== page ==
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Conducting Cylinder vs Cylinder of Charge - Guass's Law

  1. Sep 9, 2017 #1
    1. The problem statement, all variables and given/known data
    Screen Shot 2017-09-09 at 11.27.22 AM.png
    Screen Shot 2017-09-09 at 11.27.35 AM.png

    I just have a general question about Guass's Law and the cylinders above. I don't really understand what the difference is between the 2 cylinders? They are both charged, but one of them does not have an electric field inside the cylinder because it a conducting cylinder? I don't understand the difference between the 2 above.

    2. Relevant equations
    Guass's Law

    3. The attempt at a solution
    This is just something I wanted clarification on. Hopefully I am posting in the correct place.
     
  2. jcsd
  3. Sep 9, 2017 #2

    Orodruin

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    In the case of a conductor, there is no charge density inside the cylinder (it would result in an electric field that would drive the charges away - all the charge is on the cylinder surface) and in the other (cylinder of fixed volume charge density) there is a charge density inside the cylinder. Outside the cylinder this results in the same electric field but inside it it does not (as the enclosed charge will be different in the different cases).
     
  4. Sep 9, 2017 #3
    Ok. How will we know which one to deal with when doing problems? Will it have to explicitly say if it's a conductor or not? Or if we are given a charge density rho then we need to use the "cylinder of charge" formulas to solve the rest?

    Also, I was a bit confused by the charge densities rho and lamba and when to use which. Do we use lambda for the charge density if and only if we are given a infinetely thin wire or line of charge? And rho when the cylinder or wire has a finite radius? This confuses me because the 2 pictures above show them using lambda which is Q/L, but in a hw problem like this:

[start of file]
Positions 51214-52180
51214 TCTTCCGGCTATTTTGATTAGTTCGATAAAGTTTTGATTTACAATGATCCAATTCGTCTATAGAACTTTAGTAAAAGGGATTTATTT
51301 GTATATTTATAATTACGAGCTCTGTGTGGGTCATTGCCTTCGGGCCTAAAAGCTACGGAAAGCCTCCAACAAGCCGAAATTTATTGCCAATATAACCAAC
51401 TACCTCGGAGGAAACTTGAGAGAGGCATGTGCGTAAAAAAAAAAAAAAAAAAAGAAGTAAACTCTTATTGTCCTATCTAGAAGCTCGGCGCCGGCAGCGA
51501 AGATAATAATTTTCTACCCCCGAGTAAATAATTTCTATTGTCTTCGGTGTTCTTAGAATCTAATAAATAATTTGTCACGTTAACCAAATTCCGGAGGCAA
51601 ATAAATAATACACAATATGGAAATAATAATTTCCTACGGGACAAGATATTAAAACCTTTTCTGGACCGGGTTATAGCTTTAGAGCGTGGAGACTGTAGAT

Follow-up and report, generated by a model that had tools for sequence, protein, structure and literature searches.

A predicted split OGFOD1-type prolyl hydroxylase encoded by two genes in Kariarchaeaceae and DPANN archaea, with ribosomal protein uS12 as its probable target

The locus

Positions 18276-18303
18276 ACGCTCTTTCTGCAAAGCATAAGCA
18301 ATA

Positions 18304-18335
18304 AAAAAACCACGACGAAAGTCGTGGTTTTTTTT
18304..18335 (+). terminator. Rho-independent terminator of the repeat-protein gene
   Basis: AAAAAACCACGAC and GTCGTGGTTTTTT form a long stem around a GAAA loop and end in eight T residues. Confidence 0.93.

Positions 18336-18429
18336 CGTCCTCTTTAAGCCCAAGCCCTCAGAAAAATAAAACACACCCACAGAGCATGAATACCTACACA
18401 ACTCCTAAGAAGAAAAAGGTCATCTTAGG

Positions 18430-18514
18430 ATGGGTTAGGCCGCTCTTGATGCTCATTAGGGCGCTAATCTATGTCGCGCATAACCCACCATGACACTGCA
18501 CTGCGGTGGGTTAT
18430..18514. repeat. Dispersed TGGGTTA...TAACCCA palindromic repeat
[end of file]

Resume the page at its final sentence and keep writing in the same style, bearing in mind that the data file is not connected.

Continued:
"An infinitely long, cylindrical wire of radius R = 1 cm is centered along the ^z axis and carries a uniform volumetric charge density ρ_0." <-- Edit* This is supposed to be the symbol "rho"...

    There is more to the problem, but basically it says to use guass's law to find the charge density of the wire. But the solutions uses ρ = Q/V instead of λ=Q/L like like we have in the equations above. Why is this? I hope I am making sense in where I am confused...



    Here is the whole problem btw:

    Screen Shot 2017-09-09 at 2.56.54 PM.png

    I got the correct answer, but I don't understand when we are supposed to use lambda vs rho for the charge density...
     
  5. Sep 9, 2017 #4

    Orodruin

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    Obviously it depends on the problem statement about the setup.

    They are different physical quantities. The line density ##\lambda## is the charge per length of the cylinder and ##\rho## is the volume density, which is the charge per volume.
     
  6. Sep 11, 2017 #5
    ok thanks
     
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